LT: Each confrontation with a stranger should bring us closer to the stranger in ourselves. It should help us see that we “are” our way of life and that our customs and rituals are not natural. This is a kind of break with the reality we are familiar with in a Brechtian style. Do you think Craig learns from his life this way, rather than being “educated” to see, which is the way we usually try to help each other understand?
RF: Craig makes a decision at the end of the play that he would not have made at the beginning. This is the result of pressure from all characters in the play: Hajir reveals his life, admits to lying, and ultimately transforms from a dehumanised interviewee to human being; Jason reveals the difficulties he has faced and transforms from difficult child to suffering human; Vikki reveals the depth of her mental illness with the ultimate sacrifice and transforms from a person making excuses and running from responsibility to one who is truly unwell. Craig absorbs the blows and softens. He learns from his life this way. It is not the pleading and cajoling of the characters that change him but rather their sharing of their very human experience.. What is certain is that the confrontations with both the ‘stranger’ and those close to him over the course of the play cause the shift in his thinking.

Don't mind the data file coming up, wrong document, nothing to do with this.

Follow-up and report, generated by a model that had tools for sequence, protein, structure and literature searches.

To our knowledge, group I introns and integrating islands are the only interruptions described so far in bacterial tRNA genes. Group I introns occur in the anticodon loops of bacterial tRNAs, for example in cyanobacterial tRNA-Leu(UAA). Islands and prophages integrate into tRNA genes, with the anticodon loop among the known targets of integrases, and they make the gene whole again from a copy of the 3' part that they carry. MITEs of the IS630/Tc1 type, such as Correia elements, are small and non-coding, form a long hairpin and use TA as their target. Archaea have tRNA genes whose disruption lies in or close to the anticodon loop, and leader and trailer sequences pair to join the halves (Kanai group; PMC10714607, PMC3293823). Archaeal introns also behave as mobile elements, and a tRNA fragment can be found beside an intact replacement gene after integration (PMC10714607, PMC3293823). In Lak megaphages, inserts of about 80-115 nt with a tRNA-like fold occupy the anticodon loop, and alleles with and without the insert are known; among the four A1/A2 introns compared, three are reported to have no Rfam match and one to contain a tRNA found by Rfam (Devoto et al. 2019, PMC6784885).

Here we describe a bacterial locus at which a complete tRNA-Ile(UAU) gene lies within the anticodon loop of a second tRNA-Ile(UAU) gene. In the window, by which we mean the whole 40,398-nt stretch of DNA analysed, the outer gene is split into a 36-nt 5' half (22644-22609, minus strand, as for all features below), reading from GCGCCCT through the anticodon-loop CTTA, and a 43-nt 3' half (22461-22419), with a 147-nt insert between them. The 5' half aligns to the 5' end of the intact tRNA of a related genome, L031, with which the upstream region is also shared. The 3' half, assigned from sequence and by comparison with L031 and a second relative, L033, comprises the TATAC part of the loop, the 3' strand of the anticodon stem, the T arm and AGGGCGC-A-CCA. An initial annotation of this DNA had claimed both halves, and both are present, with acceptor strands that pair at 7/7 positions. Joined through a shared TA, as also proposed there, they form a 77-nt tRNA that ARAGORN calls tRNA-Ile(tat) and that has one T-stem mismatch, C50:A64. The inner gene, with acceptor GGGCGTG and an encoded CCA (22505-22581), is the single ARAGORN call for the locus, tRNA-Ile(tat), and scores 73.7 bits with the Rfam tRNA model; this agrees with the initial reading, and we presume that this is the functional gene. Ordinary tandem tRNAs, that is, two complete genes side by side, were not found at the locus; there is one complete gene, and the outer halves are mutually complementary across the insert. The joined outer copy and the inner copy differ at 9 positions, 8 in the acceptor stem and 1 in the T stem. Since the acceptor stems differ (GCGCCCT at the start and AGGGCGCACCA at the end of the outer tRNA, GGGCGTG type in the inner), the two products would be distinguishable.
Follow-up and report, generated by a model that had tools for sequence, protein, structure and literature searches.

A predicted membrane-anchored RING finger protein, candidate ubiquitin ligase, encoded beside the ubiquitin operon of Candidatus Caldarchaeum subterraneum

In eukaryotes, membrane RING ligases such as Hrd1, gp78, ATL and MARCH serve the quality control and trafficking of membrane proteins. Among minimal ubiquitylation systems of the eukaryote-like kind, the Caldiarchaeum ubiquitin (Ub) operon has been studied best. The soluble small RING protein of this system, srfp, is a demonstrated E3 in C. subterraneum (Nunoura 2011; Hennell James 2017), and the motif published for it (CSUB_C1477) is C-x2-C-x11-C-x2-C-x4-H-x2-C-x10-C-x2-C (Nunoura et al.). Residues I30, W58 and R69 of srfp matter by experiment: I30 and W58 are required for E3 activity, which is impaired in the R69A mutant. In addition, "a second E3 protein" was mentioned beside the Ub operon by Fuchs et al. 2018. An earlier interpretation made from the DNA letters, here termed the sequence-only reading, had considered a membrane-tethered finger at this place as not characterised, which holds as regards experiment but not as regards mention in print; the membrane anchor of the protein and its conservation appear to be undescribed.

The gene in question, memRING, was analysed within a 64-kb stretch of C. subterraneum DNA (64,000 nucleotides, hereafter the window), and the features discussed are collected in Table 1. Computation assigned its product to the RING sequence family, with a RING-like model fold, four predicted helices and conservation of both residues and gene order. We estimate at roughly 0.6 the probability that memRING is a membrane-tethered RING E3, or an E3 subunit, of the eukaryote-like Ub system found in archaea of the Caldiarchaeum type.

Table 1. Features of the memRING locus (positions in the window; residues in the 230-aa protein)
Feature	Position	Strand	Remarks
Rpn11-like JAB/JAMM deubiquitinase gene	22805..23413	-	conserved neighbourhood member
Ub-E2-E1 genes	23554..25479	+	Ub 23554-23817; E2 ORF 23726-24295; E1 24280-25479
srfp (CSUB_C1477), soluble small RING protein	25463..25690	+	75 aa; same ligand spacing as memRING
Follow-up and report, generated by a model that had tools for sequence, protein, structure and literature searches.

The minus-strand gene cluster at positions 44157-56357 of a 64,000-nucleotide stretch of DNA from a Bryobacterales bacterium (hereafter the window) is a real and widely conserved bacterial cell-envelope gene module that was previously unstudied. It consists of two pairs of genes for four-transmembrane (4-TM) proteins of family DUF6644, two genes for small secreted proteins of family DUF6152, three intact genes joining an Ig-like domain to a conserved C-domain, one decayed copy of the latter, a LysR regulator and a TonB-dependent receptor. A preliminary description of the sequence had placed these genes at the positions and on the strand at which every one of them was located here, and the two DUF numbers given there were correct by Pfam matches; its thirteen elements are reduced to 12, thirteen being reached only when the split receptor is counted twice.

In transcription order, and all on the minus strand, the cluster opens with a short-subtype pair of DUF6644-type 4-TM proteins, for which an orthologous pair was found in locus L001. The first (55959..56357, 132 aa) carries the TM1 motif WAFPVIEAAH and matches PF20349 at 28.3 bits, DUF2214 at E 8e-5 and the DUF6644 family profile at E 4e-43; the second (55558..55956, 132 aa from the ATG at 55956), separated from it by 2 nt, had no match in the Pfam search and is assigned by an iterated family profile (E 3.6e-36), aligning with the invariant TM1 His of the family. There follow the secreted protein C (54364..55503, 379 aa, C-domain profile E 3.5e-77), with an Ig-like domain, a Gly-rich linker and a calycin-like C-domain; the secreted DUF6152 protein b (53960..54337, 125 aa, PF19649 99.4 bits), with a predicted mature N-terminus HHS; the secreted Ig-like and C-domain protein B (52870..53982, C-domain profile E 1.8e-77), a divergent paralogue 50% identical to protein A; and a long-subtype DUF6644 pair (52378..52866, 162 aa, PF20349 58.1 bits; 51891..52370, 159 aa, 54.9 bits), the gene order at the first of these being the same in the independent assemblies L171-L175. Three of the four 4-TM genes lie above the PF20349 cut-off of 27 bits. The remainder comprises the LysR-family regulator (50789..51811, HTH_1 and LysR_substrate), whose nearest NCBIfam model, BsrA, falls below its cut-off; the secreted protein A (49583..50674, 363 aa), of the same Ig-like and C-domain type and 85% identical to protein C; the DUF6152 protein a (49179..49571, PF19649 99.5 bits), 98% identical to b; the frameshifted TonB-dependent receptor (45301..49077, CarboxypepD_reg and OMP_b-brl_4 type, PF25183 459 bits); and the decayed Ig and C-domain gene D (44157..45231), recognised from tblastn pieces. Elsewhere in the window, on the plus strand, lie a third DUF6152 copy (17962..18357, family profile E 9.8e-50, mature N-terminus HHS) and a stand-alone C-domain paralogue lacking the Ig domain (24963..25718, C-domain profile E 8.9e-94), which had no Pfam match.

LT: When you write a play like this, who are you writing for?
RF: When I write I aim to present the character’s truth – so I guess I write for them, my characters. To be honest I put the audience out of my mind until opening night because if I think about the audience it pollutes my writing. Will they like it? Will they be offended by this? Will they understand what I am trying to say? Will I change the world? These questions can divert you from authenticity. Story just exists and I see my role as to present it as it reveals itself to me.
LT: What do you think are the limits theatre imposes on a writer when dealing with the subject of The Other?
RF: I think theatre is well equipped to deal with The Other. Legitimacy is the goal and a writer must research and learn or they risk writing from only their perspective. The same is true for the Director and cast.
Further, the intimacy and immediacy of theatre works in favour. A play is written to be performed so it necessarily involves an audience to be complete. Putting credible characters on stage twenty feet from an audience humanises them in a way that books or film cannot. When you write a play, this form and intimacy is understood. There are many ‘Others’ in this play. Jason is ‘othered’ by his propensity for drugs and childhood disorders. Vikki is ‘othered’ by mental illness. Hajir is ‘othered’ because he is from a different culture. In my opinion the theatre is the perfect place to throw these people together and watch what happens.